Hospitality Trends: How to Increase Direct Bookings

Hospitality Trends: How to Increase Direct Bookings

The holiday booking wars have long been dominated by large online travel agencies (OTAs) such as Agoda or Expedia. But recently, they seem to be loosening their grip, and as technology evolves, new opportunities to compete are constantly being uncovered for smaller operators.

At the heart of this struggle is, of course, the customers. In the past, many smaller properties were willing to pay OTAs a commission per booking for a wider reach. Today this power dynamic is wavering slightly and in many cases, direct bookings are proving cheaper.

An advice piece in the New York Times recently had this to say:’“Do your research and inquire directly with travel providers in addition to searching the big travel aggregators.’

For further evidence of this trend one need not look far (Forbes, LifeHacker), and it’s worth examining for both business owners and consumers alike.

Why Are Direct Bookings Becoming Cheaper?

The true cause of cheaper direct bookings is a complicated economic interplay that is tough to pin down. A few observations can be safely made though:

  • Rate parity clauses are being regulated. Rate parity clauses force hotels to maintain the same rates across the board. The regulation allows individual properties to play with their price points.
  • OTAs are lowering their commission rates. This is counterintuitive. OTAs have a high volume and perhaps thought lowering commission rates might appease their properties. This may be true, but it’s also given individual businesses more flexibility as their margins improve.

However you slice it, the opportunity for educating loyal customers about direct bookings and grabbing additional market share is primed now more than ever.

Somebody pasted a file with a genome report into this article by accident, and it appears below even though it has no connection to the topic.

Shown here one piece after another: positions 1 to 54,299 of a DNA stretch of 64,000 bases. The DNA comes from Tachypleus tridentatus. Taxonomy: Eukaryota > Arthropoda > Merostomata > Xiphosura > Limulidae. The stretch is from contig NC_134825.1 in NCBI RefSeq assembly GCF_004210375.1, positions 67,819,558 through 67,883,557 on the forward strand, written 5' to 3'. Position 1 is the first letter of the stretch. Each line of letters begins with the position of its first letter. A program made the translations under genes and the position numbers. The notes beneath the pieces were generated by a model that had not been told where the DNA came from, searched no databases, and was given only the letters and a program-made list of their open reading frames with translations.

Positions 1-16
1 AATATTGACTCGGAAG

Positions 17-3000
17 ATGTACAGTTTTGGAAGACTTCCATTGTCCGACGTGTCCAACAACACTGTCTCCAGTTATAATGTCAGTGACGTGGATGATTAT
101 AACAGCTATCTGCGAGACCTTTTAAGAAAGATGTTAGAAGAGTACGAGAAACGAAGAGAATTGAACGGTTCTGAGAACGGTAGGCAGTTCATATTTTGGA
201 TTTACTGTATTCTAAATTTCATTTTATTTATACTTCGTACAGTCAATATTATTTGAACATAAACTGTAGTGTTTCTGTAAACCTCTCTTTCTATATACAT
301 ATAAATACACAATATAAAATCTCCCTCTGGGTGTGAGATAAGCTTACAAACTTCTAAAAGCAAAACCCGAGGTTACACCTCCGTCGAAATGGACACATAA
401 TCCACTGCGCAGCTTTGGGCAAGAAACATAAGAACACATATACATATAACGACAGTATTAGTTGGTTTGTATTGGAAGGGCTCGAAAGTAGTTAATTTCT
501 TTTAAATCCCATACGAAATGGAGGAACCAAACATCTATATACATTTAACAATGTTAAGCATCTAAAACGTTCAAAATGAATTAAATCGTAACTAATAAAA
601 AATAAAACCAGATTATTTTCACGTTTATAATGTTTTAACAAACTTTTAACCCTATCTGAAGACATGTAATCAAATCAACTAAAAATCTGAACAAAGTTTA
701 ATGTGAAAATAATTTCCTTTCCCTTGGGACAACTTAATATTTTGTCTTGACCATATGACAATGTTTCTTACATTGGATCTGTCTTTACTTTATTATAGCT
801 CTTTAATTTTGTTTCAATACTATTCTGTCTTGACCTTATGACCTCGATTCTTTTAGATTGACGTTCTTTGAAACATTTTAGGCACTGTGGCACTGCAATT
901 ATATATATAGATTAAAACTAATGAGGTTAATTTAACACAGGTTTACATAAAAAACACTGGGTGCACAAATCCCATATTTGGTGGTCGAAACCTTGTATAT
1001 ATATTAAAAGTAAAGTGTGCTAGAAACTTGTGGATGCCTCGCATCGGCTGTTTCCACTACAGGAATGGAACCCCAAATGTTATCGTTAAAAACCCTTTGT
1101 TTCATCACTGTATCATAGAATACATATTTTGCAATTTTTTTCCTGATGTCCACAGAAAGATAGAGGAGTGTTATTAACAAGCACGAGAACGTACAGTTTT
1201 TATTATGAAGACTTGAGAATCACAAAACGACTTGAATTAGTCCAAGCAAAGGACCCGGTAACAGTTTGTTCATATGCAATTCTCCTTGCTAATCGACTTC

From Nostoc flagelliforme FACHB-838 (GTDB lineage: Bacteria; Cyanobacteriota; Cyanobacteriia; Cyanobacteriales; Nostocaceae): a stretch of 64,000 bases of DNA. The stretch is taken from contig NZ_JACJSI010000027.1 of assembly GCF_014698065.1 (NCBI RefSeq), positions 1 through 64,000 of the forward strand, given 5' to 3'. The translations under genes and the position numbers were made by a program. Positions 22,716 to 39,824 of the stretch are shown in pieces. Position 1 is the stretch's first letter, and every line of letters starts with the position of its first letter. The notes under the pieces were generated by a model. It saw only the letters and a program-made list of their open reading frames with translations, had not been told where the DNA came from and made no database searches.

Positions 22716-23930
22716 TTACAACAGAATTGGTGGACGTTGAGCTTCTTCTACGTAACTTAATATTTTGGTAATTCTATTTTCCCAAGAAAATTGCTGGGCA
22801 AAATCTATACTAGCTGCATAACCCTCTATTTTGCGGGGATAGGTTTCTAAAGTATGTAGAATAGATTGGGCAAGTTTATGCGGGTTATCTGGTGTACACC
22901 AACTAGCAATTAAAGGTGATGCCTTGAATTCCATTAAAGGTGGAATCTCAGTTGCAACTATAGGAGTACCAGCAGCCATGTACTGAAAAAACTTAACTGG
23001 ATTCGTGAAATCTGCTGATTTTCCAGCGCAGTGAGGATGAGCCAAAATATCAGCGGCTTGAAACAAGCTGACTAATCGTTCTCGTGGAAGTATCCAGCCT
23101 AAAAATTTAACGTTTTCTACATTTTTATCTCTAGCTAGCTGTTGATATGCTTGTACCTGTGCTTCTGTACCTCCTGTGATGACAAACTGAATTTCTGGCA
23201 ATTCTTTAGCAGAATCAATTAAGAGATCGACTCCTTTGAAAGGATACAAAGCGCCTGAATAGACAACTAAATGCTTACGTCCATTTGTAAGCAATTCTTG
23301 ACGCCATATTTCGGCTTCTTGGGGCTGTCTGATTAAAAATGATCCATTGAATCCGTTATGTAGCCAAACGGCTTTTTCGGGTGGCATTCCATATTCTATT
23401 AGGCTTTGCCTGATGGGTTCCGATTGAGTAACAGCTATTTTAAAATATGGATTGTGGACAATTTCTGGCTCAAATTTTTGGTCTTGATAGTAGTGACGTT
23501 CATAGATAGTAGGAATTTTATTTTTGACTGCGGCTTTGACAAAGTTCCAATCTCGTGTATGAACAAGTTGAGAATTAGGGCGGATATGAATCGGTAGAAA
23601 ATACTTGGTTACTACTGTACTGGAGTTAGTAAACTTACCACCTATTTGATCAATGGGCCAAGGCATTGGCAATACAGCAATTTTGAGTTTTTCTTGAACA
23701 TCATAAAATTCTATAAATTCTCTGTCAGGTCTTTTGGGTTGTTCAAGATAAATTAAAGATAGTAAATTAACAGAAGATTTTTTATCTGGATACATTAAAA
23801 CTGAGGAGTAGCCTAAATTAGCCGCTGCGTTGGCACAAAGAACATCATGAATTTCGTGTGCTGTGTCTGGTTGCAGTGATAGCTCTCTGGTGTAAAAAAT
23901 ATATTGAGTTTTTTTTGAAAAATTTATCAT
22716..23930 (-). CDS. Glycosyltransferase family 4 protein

Practical Strategies for Driving Direct Bookings

A quick glance at the data reaffirms the fact that the world has gone mobile. As 2016, Google’s algorithm has started giving preference to mobile. This has a huge number of implications, and from a hospitality perspective, it means there is absolutely no excuse for not having a responsive, mobile-friendly website.

Education is another hurdle to overcome. According to Debbie Miller, the president of the marketing agency Social Hospitality,  ‘A lot of people just look for the cheapest deals. They go to the OTAs as a search tool because they don’t realise there might be other opportunities by going through the websites directly.’

There are a number of ways to build awareness and inform customers of lower direct prices. Some commonly cited tactics for smaller players are as follows:

  1. Incentivise direct bookings with bonuses and promotions
  2. Add an OTA comparison widget so customers can see the difference
  3. Focus on authenticity or offer a unique value proposition (larger brands struggle to do both)  
  4. Play the long game and keep efforts consistent

There are also a number of innovative companies appearing in this space. There is Triptease, a direct booking platform that has done over a billion dollars in sales, and Hotel Linkage which offers a handy suite of tools and support. Both are geared specifically to help facilitate direct bookings.

Changing quickly is an advantage small businesses will always have over established brands and corporations. The key to increasing direct bookings (and remaining competitive) is making sure your technology is keeping pace with the ever-changing landscape.

Also, utilising customer relationship management (CRM, such as Guestfolio or Twilio) or revenue management software (RMS, such as IDeaS) allows you to tailor guest experiences and pricing.

This customised experience will likely drive direct bookings and benefit many other facets of your business.